Soft contact lenses are generally comfortable from the beginning of use. Contact lens discomfort can occur but is usually easily remedied.

Inserting a soft contact lens

What Causes Contact Lens Discomfort?

Contact lens discomfort can occur for a variety of reasons. In order for contact lenses to work the way they’re supposed to, it’s important to care for them properly, following the maintenance and replacement schedule recommended by your eye care professional. These guidelines help to keep your eyes healthy and comfortable in contact lenses. If they’re not followed, problems with vision, comfort and other safety issues can occur.

You should be aware that the following problems may occur:

  • Eyes stinging, burning, itching (irritation), or other eye pain
  • Comfort is less than when lens was first placed on eye
  • Abnormal feeling of something in the eye (foreign body, scratched area)
  • Excessive watering (tearing) of the eyes
  • Unusual eye secretions
  • Redness of the eyes
  • Reduced sharpness of vision (poor visual acuity)
  • Blurred vision, rainbows, or halos around objects
  • Sensitivity to light (photophobia)
  • Dry eyes

If you notice any of the above symptoms:

Immediately remove your lenses.

If the discomfort or problem stops, then look closely at the lens. If the lens is damaged in any way, do not put the lens back on your eye. Place the lens in the storage case and contact your eye care professional. If the lens has dirt, an eyelash, or other foreign body on it, or the problem stops and the lens appears undamaged, you should thoroughly clean, rinse, and disinfect the lenses; then reinsert them. After reinsertion, if the problem continues, you should immediately remove the lenses and consult your eye care professional.

If the above symptoms continue after removal of the lens, or upon reinsertion of a new lens, a serious condition such as infection, corneal ulcer, neovascularization, or iritis may be present. You should keep the lens off your eye and seek immediate professional identification of the problem and prompt treatment to avoid serious eye damage.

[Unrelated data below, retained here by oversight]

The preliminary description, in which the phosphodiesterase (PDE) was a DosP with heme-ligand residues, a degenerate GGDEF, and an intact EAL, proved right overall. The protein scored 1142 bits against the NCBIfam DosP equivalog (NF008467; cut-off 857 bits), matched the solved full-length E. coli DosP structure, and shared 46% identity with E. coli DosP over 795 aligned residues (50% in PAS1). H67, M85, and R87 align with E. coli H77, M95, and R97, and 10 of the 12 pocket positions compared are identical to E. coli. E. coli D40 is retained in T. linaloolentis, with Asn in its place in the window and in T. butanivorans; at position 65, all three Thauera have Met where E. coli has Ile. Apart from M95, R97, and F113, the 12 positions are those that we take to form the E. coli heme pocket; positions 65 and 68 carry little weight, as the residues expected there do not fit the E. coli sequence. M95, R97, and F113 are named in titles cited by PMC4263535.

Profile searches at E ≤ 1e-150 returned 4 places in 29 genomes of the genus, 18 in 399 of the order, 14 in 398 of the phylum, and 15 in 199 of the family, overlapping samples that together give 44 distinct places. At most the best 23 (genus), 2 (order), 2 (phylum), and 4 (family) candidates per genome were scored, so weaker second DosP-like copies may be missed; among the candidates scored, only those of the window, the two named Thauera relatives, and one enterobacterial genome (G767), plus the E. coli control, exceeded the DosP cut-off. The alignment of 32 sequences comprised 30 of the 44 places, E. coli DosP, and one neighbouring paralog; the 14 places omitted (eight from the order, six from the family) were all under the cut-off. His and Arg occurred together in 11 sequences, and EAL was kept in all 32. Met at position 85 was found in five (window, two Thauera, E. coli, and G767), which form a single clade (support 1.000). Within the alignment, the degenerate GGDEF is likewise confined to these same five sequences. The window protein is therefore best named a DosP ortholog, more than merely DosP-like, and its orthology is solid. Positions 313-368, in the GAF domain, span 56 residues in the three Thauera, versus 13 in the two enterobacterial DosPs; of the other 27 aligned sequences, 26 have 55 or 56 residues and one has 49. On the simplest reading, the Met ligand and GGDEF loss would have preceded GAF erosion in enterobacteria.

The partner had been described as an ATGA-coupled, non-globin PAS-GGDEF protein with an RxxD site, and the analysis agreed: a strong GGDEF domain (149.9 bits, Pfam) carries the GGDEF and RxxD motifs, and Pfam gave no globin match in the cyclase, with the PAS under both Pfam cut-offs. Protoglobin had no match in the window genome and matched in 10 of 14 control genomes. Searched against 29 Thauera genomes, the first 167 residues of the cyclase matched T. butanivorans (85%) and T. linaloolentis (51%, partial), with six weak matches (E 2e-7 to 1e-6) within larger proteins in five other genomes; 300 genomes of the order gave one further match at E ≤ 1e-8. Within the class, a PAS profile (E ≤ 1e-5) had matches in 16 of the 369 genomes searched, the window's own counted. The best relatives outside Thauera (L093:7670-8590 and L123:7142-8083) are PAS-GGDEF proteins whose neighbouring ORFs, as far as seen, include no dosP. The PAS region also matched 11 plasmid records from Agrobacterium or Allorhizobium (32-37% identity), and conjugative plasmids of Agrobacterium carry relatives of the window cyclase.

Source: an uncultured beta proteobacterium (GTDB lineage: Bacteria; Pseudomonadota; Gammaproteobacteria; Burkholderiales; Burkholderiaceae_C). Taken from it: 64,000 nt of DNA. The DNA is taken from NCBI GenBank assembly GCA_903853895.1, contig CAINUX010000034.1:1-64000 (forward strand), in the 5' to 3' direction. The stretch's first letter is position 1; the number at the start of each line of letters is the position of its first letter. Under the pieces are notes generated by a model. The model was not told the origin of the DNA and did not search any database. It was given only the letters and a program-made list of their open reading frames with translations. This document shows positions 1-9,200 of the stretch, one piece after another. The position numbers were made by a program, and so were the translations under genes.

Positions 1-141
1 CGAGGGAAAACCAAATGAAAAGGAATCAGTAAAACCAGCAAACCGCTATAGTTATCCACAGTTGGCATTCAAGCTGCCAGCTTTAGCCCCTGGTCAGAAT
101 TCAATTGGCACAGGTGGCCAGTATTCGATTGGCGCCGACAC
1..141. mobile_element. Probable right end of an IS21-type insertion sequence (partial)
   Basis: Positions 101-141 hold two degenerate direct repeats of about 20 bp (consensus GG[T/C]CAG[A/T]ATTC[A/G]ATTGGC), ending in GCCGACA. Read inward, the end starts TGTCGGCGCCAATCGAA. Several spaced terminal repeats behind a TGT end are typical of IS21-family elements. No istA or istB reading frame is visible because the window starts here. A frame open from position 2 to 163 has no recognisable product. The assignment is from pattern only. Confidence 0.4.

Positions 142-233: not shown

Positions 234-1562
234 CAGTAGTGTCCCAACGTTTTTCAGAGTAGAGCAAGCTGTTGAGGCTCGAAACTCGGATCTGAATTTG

Be sure to follow the manufacturer’s recommendations, cleaning your lenses with each use, and replacing them on the schedule your eye care professional recommended for you. This is the best way to ensure your lenses stay comfortable and your eyes stay healthy.

Poor Fit

Your eye’s size and shape are unique to you, and your contact lenses should be too. Your eye care professional performs a variety of measurements to make sure your contact lens is well-fitting.

Contact Lens Associated Dry Eyes

People with dry eyes may not produce enough tears to keep eyes moist and lubricated. This may create discomfort when they wear contact lenses. Dry eyes may be inherent (associated with a number of medical conditions), or acquired (linked with risk factors such as smoking, computer use, caffeine, certain medications, and more).

Environmental Allergens

Your eyes may become irritated when there are large amounts of environmental allergens such as dust or dander. These allergens can stick to the surface of lenses, causing irritation for the wearer.

Underlying Conditions

Irritation in your eyes may not come from your contact lenses at all. If your eyes become red, swollen, or if you experience discharge, you should contact an eye care professional immediately. Your symptoms may be a result of infection, or underlying disease and should be diagnosed and treated as soon as possible. You should not wear contact lenses if you have an eye infection or while using certain topical eye medications.


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